– FINALLY…: This was the one we’ve been waiting for.  Seven long years in the making and it FINALLY happened.  The Rock returned to Monday Night RAW (fresh off another Hollywood flop – http://www.imdb.com/title/tt1433108/) last February.  Despite being away for seven long years, he cut one of the best promos by anyone in years (naturally).  I don’t know if it was him claiming that John Cena had “fallen out of Barney the Dinosaur’s anus” or him threatening to shove a laptop up Michael Cole’s ass, but he once again won me over and the bitterness of years past faded in an instant.  The Rock was back, not for good, but it seemed like he never left.

 

– The Ryder Revolution begins: Nearly a year has passed since the first episode of Z! True Long Island Story was posted on youtube by Zack Ryder.  It was hard to imagine when you first watched it that it was going to turn into something.  At first glance, it was a fun show, but in reality it was more like Zack’s last stand.  Zack knew he was on the brink of being released (due to creative “having nothing for him”) and threw up one giant Hail Mary to save his spot on the roster.  By some miracle, it worked.  Zack began to get noticed not only by fans, but by management and as the show’s audience grew, so did Zack’s opportunities. He started appearing consistently on WWE susperstars.  Within weeks, he was consistently winning on Superstars.  A few months later he started appearing on RAW…IN MATCHES.  However, Zack (now getting a big face pop) needed a foil for his fun loving antics.  Enter Dolph Ziggler – the U.S. champ.  Ziggler would help Ryder’s character grow and by December, Ryder would achieve his dream and become the U.S. champ.  Whether you “get” Zack Ryder or not, you have to at least admit that he’s a very charismatic and talented young man who should be applauded for taking a different route.  Most of the younger talent that has come and gone the last few years have been extremely lazy and have been quick to point fingers at others for their short comings (see: Carlito).  Zack may be the next Hulk Hogan or he may be the next mid-card hero who never quite breaks through that thick glass ceiling, but at least it’s been a fun ride and a great story.  Think about it, for a guy who was almost released a year ago to see how far he has come is nothing short of amazing and despite our loss of influence on the company decision makers, it shows we still have a little bit of pull around here and that’s something we can all pump our fists to.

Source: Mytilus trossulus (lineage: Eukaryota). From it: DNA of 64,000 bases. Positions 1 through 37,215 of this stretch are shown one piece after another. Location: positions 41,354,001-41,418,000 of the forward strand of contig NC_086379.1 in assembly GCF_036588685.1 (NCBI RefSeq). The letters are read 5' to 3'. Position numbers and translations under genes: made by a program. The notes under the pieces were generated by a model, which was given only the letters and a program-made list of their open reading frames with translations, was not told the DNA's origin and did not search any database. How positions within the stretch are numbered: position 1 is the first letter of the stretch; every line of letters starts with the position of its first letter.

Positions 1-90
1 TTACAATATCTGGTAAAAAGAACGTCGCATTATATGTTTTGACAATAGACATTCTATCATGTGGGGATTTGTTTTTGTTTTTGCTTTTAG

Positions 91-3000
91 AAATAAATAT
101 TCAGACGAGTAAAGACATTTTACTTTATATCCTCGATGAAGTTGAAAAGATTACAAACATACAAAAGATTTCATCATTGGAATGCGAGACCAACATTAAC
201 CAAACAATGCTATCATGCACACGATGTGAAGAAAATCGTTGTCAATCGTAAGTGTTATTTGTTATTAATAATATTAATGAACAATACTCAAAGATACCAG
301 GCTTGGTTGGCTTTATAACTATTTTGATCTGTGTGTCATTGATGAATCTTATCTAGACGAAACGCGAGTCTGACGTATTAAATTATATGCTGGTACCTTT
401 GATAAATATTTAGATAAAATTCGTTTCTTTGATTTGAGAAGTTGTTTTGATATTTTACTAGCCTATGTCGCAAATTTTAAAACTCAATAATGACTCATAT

– Edge Retires: Being only 28 years of age, I had never had the privilege of watching someone’s career from start to finish.  I had come close with Shawn Michaels, but I was still too young to see the very very beginning.  Unfortunately, that time came sooner than any of us expected.  Edge who had began his career (basically) as a WWE developmental talent in the mid-90’s was forced to retire due to his chronic neck condition.  Edge’s career began in July of 1998 shortly after the kick start of the Attitude Era.  I remember the vignettes that promoted Edge’s arrival.  They were memorable because they built Edge as this mysterious enigma who hung out in grungy places.